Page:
The Dominion Post
June 10 2003

Goff rebuffs Ellis petition

Justice Minister Phil Goff has challenged author Lynley Hood to give him fresh evidence of a miscarriage of justice in the case of convicted sex offender Peter Ellis.

Mr Goff rebuffed growing calls from prominent New Zealanders yesterday to order a royal commission of inquiry into Ellis' conviction for child abuse at Christchurch Civic Creche.

A petition signed by former Labour prime ministers David Lange and Mike Moore, plus lawyers, writers and media people, has been circulating Parliament, attracting signatures across the political spectrum.

It is understood several Labour MPs have been considering signing the petition, including backbench Government MPs David Parker, Georgina Beyer and Russell Fairbrother. They are understood to be awaiting approval from Labour caucus whip David Benson-Pope. But Mr Benson-Pope said it was unlikely permission would be granted.

"We don't generally respond to questionnaires or petitions unless there is an agreed caucus position. I wouldn't be expecting members of the Labour caucus to be supporting it."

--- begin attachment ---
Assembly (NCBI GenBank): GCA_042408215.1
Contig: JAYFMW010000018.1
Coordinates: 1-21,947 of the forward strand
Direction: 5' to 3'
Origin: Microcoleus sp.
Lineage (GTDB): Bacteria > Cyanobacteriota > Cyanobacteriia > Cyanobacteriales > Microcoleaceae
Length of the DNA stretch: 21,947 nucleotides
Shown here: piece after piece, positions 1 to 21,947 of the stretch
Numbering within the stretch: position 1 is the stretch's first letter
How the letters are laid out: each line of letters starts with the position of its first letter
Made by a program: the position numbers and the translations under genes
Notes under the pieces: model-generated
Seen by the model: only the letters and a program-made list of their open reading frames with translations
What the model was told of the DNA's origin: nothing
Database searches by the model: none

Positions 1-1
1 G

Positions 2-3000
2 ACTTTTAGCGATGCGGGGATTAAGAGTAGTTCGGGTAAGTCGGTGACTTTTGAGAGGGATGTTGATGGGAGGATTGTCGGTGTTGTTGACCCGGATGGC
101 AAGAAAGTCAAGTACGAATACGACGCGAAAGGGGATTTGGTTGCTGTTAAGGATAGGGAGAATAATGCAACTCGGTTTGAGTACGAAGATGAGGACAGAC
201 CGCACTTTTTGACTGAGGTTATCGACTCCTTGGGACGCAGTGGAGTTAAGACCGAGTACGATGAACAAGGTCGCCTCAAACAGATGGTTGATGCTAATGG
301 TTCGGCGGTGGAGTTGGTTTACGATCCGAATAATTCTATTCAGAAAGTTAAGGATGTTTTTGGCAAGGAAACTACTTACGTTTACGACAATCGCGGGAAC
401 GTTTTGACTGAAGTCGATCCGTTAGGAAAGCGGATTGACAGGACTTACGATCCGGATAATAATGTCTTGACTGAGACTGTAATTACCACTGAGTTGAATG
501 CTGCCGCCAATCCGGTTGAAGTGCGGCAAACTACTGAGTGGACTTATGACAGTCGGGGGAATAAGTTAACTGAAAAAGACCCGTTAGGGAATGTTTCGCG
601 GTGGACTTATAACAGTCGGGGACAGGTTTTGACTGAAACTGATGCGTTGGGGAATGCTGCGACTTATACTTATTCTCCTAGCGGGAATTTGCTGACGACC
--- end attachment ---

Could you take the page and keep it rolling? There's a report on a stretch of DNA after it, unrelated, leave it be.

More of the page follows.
National MPs Don Brash, Katherine Rich and Judith Collins have already signed, along with ACT MP deputy leader Ken Shirley and MPs Stephen Franks, Rodney Hide and Muriel Newman. Green co-leaders Rod Donald and Jeanette Fitzsimons and MPs Keith Locke and Sue Bradford and United Future leader Peter Dunne have also signed.

Mr Goff said yesterday that he would not send the Ellis case for further review unless Hood produced fresh evidence.

"I have always said I have an open mind on the question of the conviction of Peter Ellis.

"(But) I draw attention to the fact that he was convicted by a jury (and) he has had his case twice before the Court of Appeal."

Mr Goff said he had also sent the case to former chief justice Sir Thomas Eichelbaum, who found the case failed "by a distinct margin" to demonstrate any miscarriage of justice.

He conceded he had the power to set up a royal commission but said fresh evidence was needed. Mr Goff said an application for a royal prerogative of mercy was another avenue open to Ellis supporters.

He had now read "substantial parts" of Hood's book.